Plymouth had already used the Scamp name when they borrowed Dodge’s successful Dart Swinger and assigned it to their Valiant line during the early seventies. Of course, the Scamp was added in order to distinguish Plymouth’s own Valiant series from the new Dodge-based Valiant model sold alongside them. Cooperation worked both ways as Dodge incorporated Valiant-based Duster coupe and branded it the Demon, as we’ve already explained in a previous installment in this series.
But the Valiant Scamp disappeared after the 1976 model year, and the 1983 Plymouth Scamp is one entirely different animal. It was actually a stablemate to the almost equally obscure Dodge Rampage coupe utility truck. While the Rampage survived for three model years, its Plymouth twin was a one year only offering. Both models drew power from a 2.2L straight-four capable of producing up to 84 horsepower. Not exactly a truck-worthy figure, but then again, the Scamp only weighed between 2,305 and 2,340 pounds depending on trim level. The lighter version was, of course, the conventional Scamp, while the heavier model donned the GT extension. The latter cost $500 more, offered a slightly larger payload, and added a hood scoop and dual remote mirrors among other things. Plymouth produced only 2,184 Scamps and 1,380 Scamp GTs. Most came with a 5-speed manual transmission, although the 3-speed auto and 4-speed manual were also options.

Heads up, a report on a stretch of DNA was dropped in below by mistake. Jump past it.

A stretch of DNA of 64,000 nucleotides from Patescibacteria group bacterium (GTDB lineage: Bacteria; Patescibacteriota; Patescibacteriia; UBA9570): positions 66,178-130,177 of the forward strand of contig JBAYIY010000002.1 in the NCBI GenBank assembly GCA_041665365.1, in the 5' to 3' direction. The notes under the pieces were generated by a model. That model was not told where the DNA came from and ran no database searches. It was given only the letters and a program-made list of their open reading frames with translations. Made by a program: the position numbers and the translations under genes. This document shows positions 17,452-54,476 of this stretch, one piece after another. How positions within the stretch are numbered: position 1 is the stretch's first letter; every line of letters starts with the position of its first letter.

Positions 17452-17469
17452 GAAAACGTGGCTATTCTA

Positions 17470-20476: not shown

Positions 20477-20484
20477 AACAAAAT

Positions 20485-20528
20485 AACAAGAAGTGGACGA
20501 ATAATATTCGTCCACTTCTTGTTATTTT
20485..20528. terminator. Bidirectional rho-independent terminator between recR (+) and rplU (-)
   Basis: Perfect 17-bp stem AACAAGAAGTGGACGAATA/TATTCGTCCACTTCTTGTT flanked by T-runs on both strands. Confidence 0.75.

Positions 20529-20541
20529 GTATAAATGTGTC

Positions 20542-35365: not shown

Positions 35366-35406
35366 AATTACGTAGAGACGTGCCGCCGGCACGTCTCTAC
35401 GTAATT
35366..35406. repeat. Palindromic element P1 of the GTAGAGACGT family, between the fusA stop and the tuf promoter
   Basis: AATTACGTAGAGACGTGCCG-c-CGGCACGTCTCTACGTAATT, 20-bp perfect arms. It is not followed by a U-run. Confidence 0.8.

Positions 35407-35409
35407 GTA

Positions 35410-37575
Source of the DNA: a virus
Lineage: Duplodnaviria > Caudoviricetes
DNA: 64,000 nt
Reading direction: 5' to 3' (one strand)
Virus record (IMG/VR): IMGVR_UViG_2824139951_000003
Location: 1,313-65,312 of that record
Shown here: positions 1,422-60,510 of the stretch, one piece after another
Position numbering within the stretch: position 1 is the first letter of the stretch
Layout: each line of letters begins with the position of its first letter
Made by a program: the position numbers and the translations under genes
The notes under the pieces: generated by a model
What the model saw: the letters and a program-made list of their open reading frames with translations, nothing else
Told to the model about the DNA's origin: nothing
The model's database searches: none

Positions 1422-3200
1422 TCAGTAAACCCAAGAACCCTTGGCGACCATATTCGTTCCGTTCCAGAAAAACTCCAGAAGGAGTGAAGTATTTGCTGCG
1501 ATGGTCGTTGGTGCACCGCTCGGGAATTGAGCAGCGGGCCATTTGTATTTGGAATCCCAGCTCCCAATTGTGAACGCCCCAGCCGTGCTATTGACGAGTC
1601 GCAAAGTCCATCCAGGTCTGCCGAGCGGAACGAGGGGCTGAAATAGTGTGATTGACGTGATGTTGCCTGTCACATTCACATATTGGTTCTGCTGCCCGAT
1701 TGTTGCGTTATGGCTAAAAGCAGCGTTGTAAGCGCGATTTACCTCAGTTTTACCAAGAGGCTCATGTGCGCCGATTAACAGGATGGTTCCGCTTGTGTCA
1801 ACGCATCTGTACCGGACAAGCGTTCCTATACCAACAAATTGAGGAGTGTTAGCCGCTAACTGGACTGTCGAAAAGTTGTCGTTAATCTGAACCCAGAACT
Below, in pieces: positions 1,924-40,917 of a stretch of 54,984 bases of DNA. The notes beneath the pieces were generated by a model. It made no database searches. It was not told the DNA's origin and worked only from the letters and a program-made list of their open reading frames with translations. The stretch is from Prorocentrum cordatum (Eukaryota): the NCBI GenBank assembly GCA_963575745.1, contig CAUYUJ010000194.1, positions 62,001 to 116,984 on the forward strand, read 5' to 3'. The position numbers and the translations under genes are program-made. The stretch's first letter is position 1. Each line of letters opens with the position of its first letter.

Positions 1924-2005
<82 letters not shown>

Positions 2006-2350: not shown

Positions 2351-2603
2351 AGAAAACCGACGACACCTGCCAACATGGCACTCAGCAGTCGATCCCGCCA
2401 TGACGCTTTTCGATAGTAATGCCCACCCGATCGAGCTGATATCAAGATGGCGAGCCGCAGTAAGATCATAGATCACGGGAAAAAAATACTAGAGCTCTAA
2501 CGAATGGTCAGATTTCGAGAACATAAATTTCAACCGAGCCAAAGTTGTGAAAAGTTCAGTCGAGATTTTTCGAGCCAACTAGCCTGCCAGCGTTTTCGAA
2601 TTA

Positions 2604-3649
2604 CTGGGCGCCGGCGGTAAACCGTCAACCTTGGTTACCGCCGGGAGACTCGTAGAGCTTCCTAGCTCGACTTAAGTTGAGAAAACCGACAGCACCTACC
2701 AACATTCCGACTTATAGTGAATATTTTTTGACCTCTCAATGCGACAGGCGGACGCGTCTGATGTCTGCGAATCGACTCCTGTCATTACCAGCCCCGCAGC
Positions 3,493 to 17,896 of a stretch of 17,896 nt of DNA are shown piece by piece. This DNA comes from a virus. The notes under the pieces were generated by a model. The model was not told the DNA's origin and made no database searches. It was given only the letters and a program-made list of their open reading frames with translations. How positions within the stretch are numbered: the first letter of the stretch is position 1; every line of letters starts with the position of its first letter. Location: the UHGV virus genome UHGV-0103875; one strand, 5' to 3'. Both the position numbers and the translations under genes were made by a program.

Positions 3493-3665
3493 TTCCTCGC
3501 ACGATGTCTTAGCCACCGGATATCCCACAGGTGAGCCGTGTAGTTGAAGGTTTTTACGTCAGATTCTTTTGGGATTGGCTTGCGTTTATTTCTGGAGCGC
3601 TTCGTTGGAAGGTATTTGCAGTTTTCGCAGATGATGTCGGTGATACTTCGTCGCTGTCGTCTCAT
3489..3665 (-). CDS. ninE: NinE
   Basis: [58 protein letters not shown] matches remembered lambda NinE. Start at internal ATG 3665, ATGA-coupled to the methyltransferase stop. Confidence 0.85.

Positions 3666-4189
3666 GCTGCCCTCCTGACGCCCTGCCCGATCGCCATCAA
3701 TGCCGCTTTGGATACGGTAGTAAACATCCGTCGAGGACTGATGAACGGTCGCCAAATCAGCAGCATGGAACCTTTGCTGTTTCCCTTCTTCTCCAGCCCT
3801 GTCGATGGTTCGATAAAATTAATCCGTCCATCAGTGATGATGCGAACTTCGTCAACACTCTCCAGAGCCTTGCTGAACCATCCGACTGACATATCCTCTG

The ultimately unsuccessful Plymouth trucklet likely deserved a better fate. Although underpowered and not exactly a looker, the Plymouth Scamp still offered a fine package completed with optional stripes taken straight from the seventies. Alas, it wasn’t enough. Car-based trucks had become niche vehicles by the time the mid-eighties had arrived, and even the mighty Chevy El Camino had trouble keeping up.